Ozzie Gutierrez
by on September 7, 2022  in Baby Education / Family & Home / Let's Talk Baby /
7 Rating 122 views 11 Likes 0 Comments

Cues are signals from your baby that tell you how he feels and what he needs. Some cues tell you that your baby is ready to interact with you. Babies give a lot of subtle cues that they are ready to feed, long before they begin to cry. From rooting with their mouths to making sucking noises and trying to suck on their fists, as well as little noises that say, 'I'm working up to a cry'. If these signals are ignored, they will yell.

Babies have several “fed” and “not-hungry-for-now” signals. If you want to know whether your baby is satisfied after a feeding, look for them to exhibit the following: releasing or pushing away the breast or bottle, closing their mouth and not responding to encouragement to latch on or suck again. The most probable reason your little babe is rubbing her face on you is because of an involuntary primitive motor reflex newborns have called a rooting reflex, which signals that your baby is hungry. Rooting helps her find the nipple when it's time for her to eat. 

Here are the top 10 baby cues and what they mean:

Baby fist clenching: In the first few weeks of your baby's life, you may notice that they seem tense. Their fists are clenched, with arms bent and legs held close to their body. This typically isn't anything to worry about — it's the natural fetal position they've been used to in the womb. This is also instinctual. It mirrors the curled position they had in the womb. In addition, sometimes fist clenching can be a sign of hunger or stress. “When newborns are hungry, their whole bodies tend to be clenched.

Smiles: Babies who are well nourished and tenderly cared for will grin, smile, and light up for their special caregivers. In the vast majority of cases, parents of smiley babies have nothing to worry about. A baby always smiling isn't anything abnormal. It's a learning process for them and they're really just trying to process exactly what joy is, and how to share that joy with others around them that they're gazing at.

Appetite: Your baby's appetite will increase during growth spurts. Continue to feed on demand and increase the number of feedings as needed.If he feels relaxed and comfortable and plays vigorously with crib or floor toys, your baby will nurse and eat with pleasure.

Voice: Happy babies vocalize a lot. They squeal. This sound usually means they're learning how to regulate their breathing. Your baby will be able to express happiness by giggling or cooing. When you smile, your baby might smile back. Babies are discovering their ability to make sounds: Soon you'll have a cooing and gurgling machine! Your baby will "talk" to you with a variety of sounds.

Babies bury their faces in your chest: This cute behavior might go beyond snuggles and snacks, though. A recent article in Frontiers in Psychology found that these types of sensory-seeking behaviors might be a comfort mechanism, a way to self-soothe when babies are feeling out of sorts, hungry, tired, or just overwhelmed. Some babies bury their head into you as a 'rooting technique' – the way a baby will turn their head in search of the breast.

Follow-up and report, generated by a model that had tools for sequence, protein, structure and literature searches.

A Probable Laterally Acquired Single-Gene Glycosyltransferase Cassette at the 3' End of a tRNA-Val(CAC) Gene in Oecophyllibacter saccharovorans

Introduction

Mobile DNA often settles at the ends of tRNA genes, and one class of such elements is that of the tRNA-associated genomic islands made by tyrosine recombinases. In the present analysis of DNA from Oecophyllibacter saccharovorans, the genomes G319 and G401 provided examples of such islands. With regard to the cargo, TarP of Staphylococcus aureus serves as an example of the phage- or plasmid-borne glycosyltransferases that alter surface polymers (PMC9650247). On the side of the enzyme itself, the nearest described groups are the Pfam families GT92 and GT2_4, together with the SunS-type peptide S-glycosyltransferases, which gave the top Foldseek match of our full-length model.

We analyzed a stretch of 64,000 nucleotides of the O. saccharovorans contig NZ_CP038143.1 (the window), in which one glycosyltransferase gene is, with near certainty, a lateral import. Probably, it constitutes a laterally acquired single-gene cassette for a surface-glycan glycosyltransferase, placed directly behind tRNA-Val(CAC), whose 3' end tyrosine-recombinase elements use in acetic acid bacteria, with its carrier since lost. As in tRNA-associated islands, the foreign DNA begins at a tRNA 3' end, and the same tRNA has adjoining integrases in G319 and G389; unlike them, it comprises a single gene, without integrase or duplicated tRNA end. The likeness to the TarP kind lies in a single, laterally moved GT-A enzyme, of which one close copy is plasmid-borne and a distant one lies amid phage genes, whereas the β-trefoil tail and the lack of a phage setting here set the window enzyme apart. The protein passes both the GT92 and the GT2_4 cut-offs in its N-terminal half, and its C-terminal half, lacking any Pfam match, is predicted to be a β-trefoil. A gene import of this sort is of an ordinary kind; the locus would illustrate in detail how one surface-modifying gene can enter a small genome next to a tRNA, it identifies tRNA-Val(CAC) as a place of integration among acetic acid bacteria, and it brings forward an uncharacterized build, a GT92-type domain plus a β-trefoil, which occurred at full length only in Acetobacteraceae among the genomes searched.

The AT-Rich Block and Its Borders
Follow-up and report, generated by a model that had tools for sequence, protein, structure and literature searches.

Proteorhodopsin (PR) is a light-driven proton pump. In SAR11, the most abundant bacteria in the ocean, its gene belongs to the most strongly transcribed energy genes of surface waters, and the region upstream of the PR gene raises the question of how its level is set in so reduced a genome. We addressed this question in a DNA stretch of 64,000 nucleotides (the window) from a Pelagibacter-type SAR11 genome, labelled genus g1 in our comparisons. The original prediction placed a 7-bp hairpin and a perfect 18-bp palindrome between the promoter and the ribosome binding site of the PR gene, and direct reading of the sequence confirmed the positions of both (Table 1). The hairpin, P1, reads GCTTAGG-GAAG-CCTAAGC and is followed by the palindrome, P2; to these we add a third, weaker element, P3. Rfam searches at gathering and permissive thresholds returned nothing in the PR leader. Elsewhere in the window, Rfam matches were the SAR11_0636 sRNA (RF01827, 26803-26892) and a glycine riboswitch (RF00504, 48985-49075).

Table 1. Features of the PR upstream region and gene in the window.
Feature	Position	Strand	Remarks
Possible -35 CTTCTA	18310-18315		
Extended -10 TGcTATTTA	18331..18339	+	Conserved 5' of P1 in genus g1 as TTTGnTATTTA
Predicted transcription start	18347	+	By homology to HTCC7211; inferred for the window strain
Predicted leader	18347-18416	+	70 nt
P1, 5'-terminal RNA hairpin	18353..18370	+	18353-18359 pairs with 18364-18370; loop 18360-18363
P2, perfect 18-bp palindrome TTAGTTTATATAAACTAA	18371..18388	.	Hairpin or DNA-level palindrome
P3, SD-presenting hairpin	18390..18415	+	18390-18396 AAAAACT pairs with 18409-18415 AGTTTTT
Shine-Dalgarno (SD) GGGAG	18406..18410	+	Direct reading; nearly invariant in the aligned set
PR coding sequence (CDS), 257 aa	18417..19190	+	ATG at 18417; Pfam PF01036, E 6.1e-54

Babies fighting their sleep: Babies fight sleep for many common reasons. They're overtired, can't put themselves to sleep, or feel frustrated with the way they're being put.  When babies seem to be “fighting” that instinct to sleep, it's almost always a sign of something else happening to them.  It's likely that they're feeling some separation anxiety, which can show up at bedtime as well. Often seen anywhere from 8 to 18 months, your baby may fight sleep because they don't want you to leave.

Babies stretch and grunt: When your baby grunts, it usually means they're learning how to have a bowel movement. They haven't yet figured out how to relax the pelvic floor while also using abdominal pressure to move stool and gas through their system. Grunting during sleep can indicate dreaming or a bowel movement. Gastroesophageal reflux (GER). Also known as acid reflux, this occurs when stomach contents rise into the food pipe. It can cause discomfort, and the baby may grunt.

Lipsmacking: Babies smack their lips for all sorts of reasons. A large number of infants do this while they are sleeping and hungry. But lip-smacking does not always mean that baby is hungry. Some children do this regardless of being hungry. Lip-smacking also may be a sign that a tooth is about to poke its way through your little one's gums. Teething can be uncomfortable, and lip-smacking may offer some pain relief. While teething frequently begins when a baby is 6 to 8 months old, you may notice signs of it as soon as 4 months.

Babies lifting their legs: You also may notice your baby stretching and kicking the legs. This movement strengthens leg muscles, preparing your baby to roll over. In most cases, a baby is pulling up their legs simply to try to relieve themselves of gas pains, and it (along with the gas) shall pass.

Babies staring at mom: Babies go through major periods of growth within their first few months of life. They're curious about the world, and everything is new to them. They want to interact with people and be social. Your baby may be starting at you as an early form of communication between them and the huge world around them. Newborn babies or babies a few months old have eyesight developed enough to look at their mother's faces. So while breastfeeding, they stare at their mother's face or make eye contact with her to interact with her. So while breastfeeding, your baby will stare at you to communicate or form a bond with you.

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